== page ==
RUBINAnd I actually think energy, which has not really played a top-tier issue in presidential races, is going to become one precisely because of this and because of technological advances, which the Republicans recognize and want to explore the shale revolution, the technology revolution. And you now have a battle of the technologies. The president is saying, they don't -- they're ignorant about green technology, and the Republicans saying, the White House is ignorant about shale technology. It's an interesting debate.
CUMMINGSThis is actually a pretty complicated situation, and there are lots of politics running through it. But there's a lot of important policy as well. And we should keep in mind the president stopped there and did this as one stop as part of a broader trip, where he was calling attention to his energy agenda. He, the day before, had been at a solar plant, and then he did drilling. And he has more to come.
CUMMINGSBut we also need to bear in mind opposition to this is not just from the greens. Opposition also comes from conservative ranchers in some of these Western states who don't like the idea of a pipeline rolling through their land. What hung this thing up was not a blue state. It was a red state.
REHMJeanne Cummings of Bloomberg News. Short break. We'll be right back.
REHMAnd welcome back to the domestic hour of our Friday News Roundup this week with Jeanne Cummings of Bloomberg News, Jennifer Rubin -- she's a blogger for The Washington Post -- and David Corn of Mother Jones magazine. He is the author of the new book "Showdown: The Inside Story of How Obama Fought Back Against Boehner, Cantor, and the Tea Party." You can join us, 800-433-8850. I look forward to hearing from you. Jennifer Rubin, tell us about Paul Ryan's budget plan, where it is and what's the next step.
RUBINWell, it began with the controversy over whether we should have a budget or whether this budget was a violation of the agreement made last year on the Budget Control Act. In fact, there's a legal obligation to put forth a budget and that Budget Control Act set top line numbers for discretionary spending and for defense and had a provision, of course, that we're all familiar with that went through the super committee. But, in fact, House is not only entitled to, but obligated to, actually come forward with the budget.
RUBINAnd it's interesting that, as they did so, you didn't hear too many arguments from either the Senate or from the White House that they shouldn't be doing that. You heard a lot of arguments about what was in it, but I think the Democrats sort of abandoned this argument because it was peculiar to argue that the country should have no budget. And, in fact, we've had no budget for several years. What's in the plan? Paul Ryan, as we know, last year introduced a budget, and this is similar in some respects and different in some respects.
RUBINIn general terms, it takes about $5 trillion in reduced spending over 10 years off the president's budget and about $3 trillion less in taxes. It also, as Ryan has said, re-prioritizes domestic spending or discretionary spending, rather, so that defense gets more. It's been cut somewhat significantly over the last couple of years. And he replaces what were the sequester cuts with some immediate discretionary spending, some other cuts and mandatory spending. Now, what this really is is a set up for 2012, and I think what Paul Ryan correctly says is two visions of government.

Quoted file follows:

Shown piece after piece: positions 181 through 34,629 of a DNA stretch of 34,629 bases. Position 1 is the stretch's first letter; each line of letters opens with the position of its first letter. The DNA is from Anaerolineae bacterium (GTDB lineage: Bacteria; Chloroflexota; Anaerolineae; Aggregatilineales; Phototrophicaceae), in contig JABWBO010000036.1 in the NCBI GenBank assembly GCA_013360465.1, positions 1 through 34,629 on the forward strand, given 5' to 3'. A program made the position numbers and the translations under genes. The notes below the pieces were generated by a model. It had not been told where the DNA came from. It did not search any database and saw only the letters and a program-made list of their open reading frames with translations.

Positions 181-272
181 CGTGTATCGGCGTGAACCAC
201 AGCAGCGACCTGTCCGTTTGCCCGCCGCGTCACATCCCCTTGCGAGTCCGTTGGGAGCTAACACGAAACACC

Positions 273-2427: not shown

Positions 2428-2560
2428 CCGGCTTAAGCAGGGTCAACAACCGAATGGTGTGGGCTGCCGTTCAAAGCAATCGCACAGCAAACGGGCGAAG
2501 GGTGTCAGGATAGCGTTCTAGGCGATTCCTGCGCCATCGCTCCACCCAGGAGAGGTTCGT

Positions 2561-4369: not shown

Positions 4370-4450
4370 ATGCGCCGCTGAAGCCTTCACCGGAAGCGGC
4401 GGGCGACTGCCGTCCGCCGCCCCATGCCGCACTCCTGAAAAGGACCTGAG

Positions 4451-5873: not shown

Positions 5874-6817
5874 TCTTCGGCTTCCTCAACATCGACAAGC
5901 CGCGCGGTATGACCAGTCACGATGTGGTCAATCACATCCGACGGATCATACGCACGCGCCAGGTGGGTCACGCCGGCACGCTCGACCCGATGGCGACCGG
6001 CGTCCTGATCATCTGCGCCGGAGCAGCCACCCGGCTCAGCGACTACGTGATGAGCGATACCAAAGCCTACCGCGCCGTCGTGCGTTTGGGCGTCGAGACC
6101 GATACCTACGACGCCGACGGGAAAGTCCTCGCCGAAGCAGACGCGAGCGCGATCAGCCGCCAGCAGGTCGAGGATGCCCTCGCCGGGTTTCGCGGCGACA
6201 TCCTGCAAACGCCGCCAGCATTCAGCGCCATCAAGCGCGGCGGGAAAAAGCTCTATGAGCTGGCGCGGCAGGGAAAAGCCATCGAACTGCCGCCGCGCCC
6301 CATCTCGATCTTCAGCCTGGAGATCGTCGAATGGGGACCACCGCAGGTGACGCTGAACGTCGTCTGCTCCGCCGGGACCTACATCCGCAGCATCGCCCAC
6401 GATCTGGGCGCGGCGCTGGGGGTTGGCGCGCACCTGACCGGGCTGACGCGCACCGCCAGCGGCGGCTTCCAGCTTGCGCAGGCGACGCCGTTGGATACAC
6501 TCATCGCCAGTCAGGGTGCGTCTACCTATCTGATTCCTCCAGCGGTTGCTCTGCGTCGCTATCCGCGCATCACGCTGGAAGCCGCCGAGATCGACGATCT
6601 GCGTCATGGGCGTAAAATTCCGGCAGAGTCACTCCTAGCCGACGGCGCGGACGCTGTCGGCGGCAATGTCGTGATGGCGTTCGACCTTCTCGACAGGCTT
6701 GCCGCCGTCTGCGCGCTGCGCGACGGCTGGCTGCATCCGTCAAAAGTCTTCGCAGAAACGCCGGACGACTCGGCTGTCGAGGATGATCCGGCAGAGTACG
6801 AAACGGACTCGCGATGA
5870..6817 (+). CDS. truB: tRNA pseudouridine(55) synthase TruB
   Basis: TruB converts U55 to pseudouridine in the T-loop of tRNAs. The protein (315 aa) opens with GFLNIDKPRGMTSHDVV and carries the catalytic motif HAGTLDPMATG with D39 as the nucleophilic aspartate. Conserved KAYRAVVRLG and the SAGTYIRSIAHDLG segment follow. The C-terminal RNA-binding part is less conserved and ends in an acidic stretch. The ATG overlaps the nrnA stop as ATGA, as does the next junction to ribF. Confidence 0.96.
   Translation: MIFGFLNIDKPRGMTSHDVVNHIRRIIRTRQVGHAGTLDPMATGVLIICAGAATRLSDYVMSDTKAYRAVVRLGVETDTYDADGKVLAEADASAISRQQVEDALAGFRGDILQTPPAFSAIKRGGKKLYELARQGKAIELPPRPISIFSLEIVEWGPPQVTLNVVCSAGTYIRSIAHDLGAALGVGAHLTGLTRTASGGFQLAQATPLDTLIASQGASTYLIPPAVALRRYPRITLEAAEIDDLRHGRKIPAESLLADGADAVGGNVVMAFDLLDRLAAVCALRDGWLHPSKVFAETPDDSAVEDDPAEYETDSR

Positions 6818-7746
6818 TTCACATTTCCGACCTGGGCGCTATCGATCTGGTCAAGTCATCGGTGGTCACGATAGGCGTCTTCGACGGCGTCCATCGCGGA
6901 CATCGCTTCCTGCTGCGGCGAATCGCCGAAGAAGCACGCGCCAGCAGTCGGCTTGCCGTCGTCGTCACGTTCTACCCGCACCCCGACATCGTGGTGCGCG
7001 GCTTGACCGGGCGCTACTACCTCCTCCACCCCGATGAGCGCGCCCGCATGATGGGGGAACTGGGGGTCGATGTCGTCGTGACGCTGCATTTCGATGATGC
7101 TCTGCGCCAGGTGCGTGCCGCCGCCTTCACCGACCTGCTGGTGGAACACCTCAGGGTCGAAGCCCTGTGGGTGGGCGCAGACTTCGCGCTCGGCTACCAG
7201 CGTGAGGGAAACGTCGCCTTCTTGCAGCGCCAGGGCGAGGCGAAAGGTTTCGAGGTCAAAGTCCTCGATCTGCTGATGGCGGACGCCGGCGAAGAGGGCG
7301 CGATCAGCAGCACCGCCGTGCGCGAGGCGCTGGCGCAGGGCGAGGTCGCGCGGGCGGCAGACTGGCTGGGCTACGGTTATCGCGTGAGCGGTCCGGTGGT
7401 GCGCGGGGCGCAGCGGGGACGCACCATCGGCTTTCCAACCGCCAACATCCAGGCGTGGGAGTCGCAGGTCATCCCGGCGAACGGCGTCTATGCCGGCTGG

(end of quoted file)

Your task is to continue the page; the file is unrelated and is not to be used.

RUBINAnd it is a fundamental, completely legitimate political argument, and it's a healthy debate and a great thing to have in a presidential election because this is what you want in an election: You want a choice, and you want a mandate, however muddled it may be from the people. The Republicans take the view that they would like to have slightly less government. We're not talking about eliminating government below 20 percent of GDP. Right now, it's 24 percent or so. They would like to keep taxes lower. They would like more of the federal budget to go to national security.
RUBINAnd they would like to control entitlement spending, not through the Obamacare mechanism of the Independent Patient Advisory Board but through a competitive bidding process and through other mechanisms. It's a good debate to have, and I think we're going to see that played out not only now but in the 2012 election.
CORNWell, Diane, this is somewhat of a repeat of what happened with the budget fight and the debt ceiling fight last year, which, I have to say I detailed a great extent in the book that you just mentioned. But if, you know, get away from the process arguments that we just heard about and just look at what's actually in the budget -- I mean, The Washington Post, which is actually kind of moderate on financial and fiscal issues, calls it a dangerous and intentionally vague budget plan.
CORNOn top of the $5.4 trillion that would be lost in keeping the Bush tax cuts, which is in the plan, Paul Ryan gives another $4.6 trillion in tax cuts. Millionaires would get an extra $150,000 a year in tax cuts. Medicaid, cut by one-fifth, the Medicare guarantee eviscerated. And The Post did the numbers that you -- there's such great cuts in discretionary spending, $800 billion over what was done with the debt ceiling fight. These are their words that essentially there will be nothing left for the rest of the government beyond health care spending and defense.